What Is The Religion of Thinness?

religion of thinness - image of back of woman painting large face in shades of brown and black; image shows half of face on a wall of some sort with large haunting eye

Most of us long for a way to make sense of the chaos and pain experienced throughout life. It is part of human nature to look for ways to feed our human spirits regardless of an individual’s level of spirituality or institutionalized faith. Without a connection to our inner self or to something greater than ourselves- we are often led to the most restrictive form of religion- the “religion of thinness”.

What is the religion of thinness?

The religion of thinness has become endemic in our advanced and commercial society. Contemporary ideas about dieting, thinness, and food have led to a cultural preoccupation that allows a short-term escape from unmanageable distress. It provides a false distraction from the natural and harsh reality of being human.

The religion of thinness has icons of feminine perfection, food and exercise rituals that promise structure and symbolism. And the belief that changing our bodies will result in “salvation”.

The desire to control and change our bodies masks a greater need for something far more meaningful and fulfilling.

It is used as a way to regain control. It is our quest for something to make us feel alive or to feel like we are wanted. However, clinging our attention to our size completely disconnects us from ourselves. The “process of tightening our bodies, hardens our hearts”.

“If I can’t be _____”

One of the most common statements I hear from working with clients who struggle with eating disorders is, “well, if I cannot be __, at least I can be thin.” If I cannot be the top of my class at least I can be thin. Or if I cannot be the prettiest one in the room, at least I can be thin… The list goes on. Consider the parallel in religion, “if I cannot be rich, at least I will have eternal salvation”.

Regardless of struggling with an eating disorder or not- it sometimes seems as though the best way to be seen as “someone” in the world or to achieve “eternal salvation”, is to have a “good body”. Our sense of purpose is fulfilled when we lose weight. While gaining weight seems to be linked to a personal failure or a sin. That purpose is continually confirmed through the external validation we receive from society. And from that sense of community with others who are also trying to lose weight.

The search for connection

Similar to the sense of community that religion provides, we are all sinners trying to reach the same thing. Religion is derived from a Latin verb meaning “to link, or to bind.” Which can have either a restricting or connecting context. Religion and the culture can be a tool for oppression, authority, or restriction (much like an eating disorder), while having spiritual awareness is a source of peace, power, and comfort.

I grew up in a religious home, within a religious community. I was fortunate to have predominantly positive experiences within that context. However, through other experiences I’ve come to recognize the difference between my religion and my culture. As imperfect humans we often take something good and poison it. We alter truth, judge unfairly, and certain beliefs become lost in translation. When I think of my religion, I recognize the source of empowerment and purpose it has brought into my life. When I think about the culture, I think about perfectionism and the external pressure to “appear” or “act” a certain way, out of fear. Fear of what others will think. Fear of how I will be perceived. When I fall under the influence of a culture led by man, the personal fulfillment within my own spirituality becomes overlooked.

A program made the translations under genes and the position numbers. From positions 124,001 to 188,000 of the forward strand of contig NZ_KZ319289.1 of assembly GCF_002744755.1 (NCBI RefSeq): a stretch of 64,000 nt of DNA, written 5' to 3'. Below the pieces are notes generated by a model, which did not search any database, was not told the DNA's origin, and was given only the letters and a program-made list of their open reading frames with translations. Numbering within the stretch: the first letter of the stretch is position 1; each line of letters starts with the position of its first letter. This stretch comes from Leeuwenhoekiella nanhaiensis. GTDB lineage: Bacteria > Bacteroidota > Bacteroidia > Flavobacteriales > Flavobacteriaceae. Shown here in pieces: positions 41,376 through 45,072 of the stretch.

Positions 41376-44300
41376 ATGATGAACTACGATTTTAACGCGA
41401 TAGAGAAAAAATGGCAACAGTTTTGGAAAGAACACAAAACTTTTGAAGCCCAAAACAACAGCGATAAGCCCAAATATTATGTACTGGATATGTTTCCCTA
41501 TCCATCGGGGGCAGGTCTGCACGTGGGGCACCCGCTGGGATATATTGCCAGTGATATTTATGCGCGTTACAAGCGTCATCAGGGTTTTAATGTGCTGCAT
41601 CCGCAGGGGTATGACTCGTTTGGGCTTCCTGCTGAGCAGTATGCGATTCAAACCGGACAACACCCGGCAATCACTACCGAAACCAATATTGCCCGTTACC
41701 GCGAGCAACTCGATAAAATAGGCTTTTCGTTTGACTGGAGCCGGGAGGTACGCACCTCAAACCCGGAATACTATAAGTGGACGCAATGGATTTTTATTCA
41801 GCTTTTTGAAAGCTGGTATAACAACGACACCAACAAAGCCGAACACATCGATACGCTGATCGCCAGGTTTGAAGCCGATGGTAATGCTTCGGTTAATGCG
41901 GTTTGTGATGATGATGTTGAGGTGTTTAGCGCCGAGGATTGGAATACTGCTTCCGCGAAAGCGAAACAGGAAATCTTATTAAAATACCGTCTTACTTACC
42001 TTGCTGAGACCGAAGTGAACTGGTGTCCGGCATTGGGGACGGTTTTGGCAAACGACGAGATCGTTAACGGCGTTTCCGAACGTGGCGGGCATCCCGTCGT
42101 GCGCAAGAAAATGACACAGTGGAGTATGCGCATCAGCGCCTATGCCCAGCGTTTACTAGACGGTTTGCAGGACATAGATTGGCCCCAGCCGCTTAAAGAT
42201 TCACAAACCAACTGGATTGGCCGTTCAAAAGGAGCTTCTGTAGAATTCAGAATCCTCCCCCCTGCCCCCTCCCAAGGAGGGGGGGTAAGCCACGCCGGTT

The pursuit of “health”

Becoming “healthy” is something that often starts out well. Unfortunately it often becomes obsessive and attached to moral worth and meaning.

Society alters the truth of eating balanced diets and changes that into restriction.

It causes shame by haranguing us about eating “too much” or becoming “too fat.” Taking something like eating a piece of cake, it translates that into “I am a pig, this is bad, or this makes me unworthy.” It has even turns exercise into punishment, not allowing for rest or flexibility. We become indebted to the thin ideal image for fear of how we will be perceived.

Spiritual growth is empowering, long lasting, and more comforting than the religion of thinness will ever be.

It is intuitive rather than limiting. Remembering what matters most in life empowers us to be able to do the inner work necessary to recover our bodies and spirits.

When our spirits are well fed and when we can connect with something outside of ourselves- we can find other ways to attend to our passions and our pain.

Food and the body start to take proper perspective in our lives and no longer serve as a main purpose.

Spiritual awareness is fundamental to recovery

This does not have to be an established religion or a traditional belief system. Spiritual awareness is finding your purpose and meaning. I started to rely exclusively on my eating disorder as I lost my ability to connect with friends, family, and God. It started to replace my unmet spiritual needs. My recovery required me to look inside myself and identify what I know to be true for me.

My spirituality ultimately is what helped me to find something bigger than my eating disorder.

These truths can help you to recognize who you are as a soul, your purpose, and your desires. It will enable you to no longer feel the need to resist your body or to follow these arbitrary rules in order to feel like “someone” in the world. Don’t fall victim to restrictions and to the binding limitations created by society. And don’t fall victim to the limitations our media puts on how you should look.

Most of all, don’t fall victim to the lies from the religion of thinness.

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